The arrival in the Americas of Christopher Columbus in 1492 inaugurated "the age of discovery." The Renaissance was as much a discovery of classic Greece and Rome as it was of new lands and oceans. One might ask why the flurry of voyages and exploration occurred at that time. An obvious reason for travel beyond the charted world was the fall of Constantinople in 1453. The Turks wrested Constantinople, once the seat of the Christian emperors of the East, from Christians, and this symbolized Islam's challenge to Christian Europe. The Ottoman Empire, already vast in size, was acquiring more territory on European soil, in the Balkans and even some Italian territories. By doing so the Turks suddenly cut off the well-established land trade routes to the East, that is, to India and to China. The victory had a tremendous impact on how European history and world history developed subsequently. The clash of ideologies and religious beliefs led to concerted efforts by Europeans to restore their strength and renew their fight against "infidels." Accordingly, the first substantial defeat of the Turks in 1571 was heralded as a victory of "united Christendom." Within this period, between 1453 and 1571, the foundations were laid for the modern slave trade, for transatlantic commerce, and for colonialism. Within Europe events and discoveries in this period also laid the foundation for the shift in hegemony of power and money from the Mediterranean to the Atlantic coastal nations, that is, from Italy and Greece to Spain, Portugal, France, the Dutch provinces, and England.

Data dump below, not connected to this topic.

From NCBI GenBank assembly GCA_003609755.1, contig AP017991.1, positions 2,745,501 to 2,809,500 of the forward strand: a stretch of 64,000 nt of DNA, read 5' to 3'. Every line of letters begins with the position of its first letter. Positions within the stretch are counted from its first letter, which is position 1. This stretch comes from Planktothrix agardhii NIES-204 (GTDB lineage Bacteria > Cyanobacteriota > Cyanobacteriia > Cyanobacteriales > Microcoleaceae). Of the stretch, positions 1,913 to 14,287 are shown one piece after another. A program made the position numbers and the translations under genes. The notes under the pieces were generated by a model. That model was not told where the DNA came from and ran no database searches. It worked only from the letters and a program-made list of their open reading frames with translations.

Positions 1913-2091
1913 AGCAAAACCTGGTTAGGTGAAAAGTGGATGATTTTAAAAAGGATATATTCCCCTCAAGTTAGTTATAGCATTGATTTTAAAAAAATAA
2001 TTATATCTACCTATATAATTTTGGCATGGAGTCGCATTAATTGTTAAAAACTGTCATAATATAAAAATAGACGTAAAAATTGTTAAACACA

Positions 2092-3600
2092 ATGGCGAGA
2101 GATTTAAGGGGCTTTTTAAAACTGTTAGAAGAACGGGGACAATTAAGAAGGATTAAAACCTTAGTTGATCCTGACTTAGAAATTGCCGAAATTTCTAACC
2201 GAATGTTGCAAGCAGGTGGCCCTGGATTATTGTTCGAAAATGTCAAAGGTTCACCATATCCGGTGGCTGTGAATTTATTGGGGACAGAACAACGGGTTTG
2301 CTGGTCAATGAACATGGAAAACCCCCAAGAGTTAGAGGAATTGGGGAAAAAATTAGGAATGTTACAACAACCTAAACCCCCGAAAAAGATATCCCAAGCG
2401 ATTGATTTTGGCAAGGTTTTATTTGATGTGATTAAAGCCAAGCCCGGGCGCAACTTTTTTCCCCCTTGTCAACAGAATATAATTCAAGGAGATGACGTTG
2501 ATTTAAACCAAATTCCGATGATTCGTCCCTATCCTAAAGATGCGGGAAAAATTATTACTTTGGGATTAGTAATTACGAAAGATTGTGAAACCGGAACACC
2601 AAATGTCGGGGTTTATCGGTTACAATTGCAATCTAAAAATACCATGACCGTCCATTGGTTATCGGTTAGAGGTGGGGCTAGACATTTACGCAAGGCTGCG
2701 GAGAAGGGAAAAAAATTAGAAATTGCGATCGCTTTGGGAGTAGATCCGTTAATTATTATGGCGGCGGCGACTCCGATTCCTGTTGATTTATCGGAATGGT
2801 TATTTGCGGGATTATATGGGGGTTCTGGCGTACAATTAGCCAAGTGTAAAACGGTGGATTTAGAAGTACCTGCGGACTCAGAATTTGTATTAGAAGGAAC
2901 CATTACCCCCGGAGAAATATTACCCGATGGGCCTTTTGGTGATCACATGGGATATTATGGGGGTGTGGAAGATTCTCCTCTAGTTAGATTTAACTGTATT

Portugal and the Spanish empire, in particular, had a renewed purpose for expanding naval expeditions. These expeditions often had dual aims, commercial and military: to find a new route to the East by literally circumnavigating the Islamic world and to detect weaknesses in the defenses of Islam. Portugal and Spain expanded their naval activities, sailing along the West African coast, and they formed basic naval support units that became vital in the development of a transatlantic slave trade. Their quest to reach the East via the sea was a search for gold, ivory, spices, and any other valuables. The demand for slaves rose almost immediately after the discovery of the Americas and particularly after the discovery of Brazil in 1500. The Spanish and the Portuguese wanted to supply labor to the territories. Marauding the coastlines, the Portuguese started building "slave factories" at their trading posts on the west coast of Africa, bypassing Arab territories and hence pocketing vast profits. The first official slave cargo sailed to Hispaniola in 1505. The economic gains first made by the Spaniards and the Portuguese then by the Dutch, French, and English were secured at the expense of everyone else. Europeans seized upon economic opportunities with a mixture of ingenuity, exceptional recklessness, exploitation, and unofficially condoned piracy. Little or no qualitative difference existed between the Spanish extortion of the Americas and the Dutch expansion of the East Indies or South American trade. One of the tragedies of sixteenth- and seventeenth-century history is that nothing was learned from the discoveries of the Americas and the new cultures. The Europeans came as executioners and looters and often utterly destroyed what they found.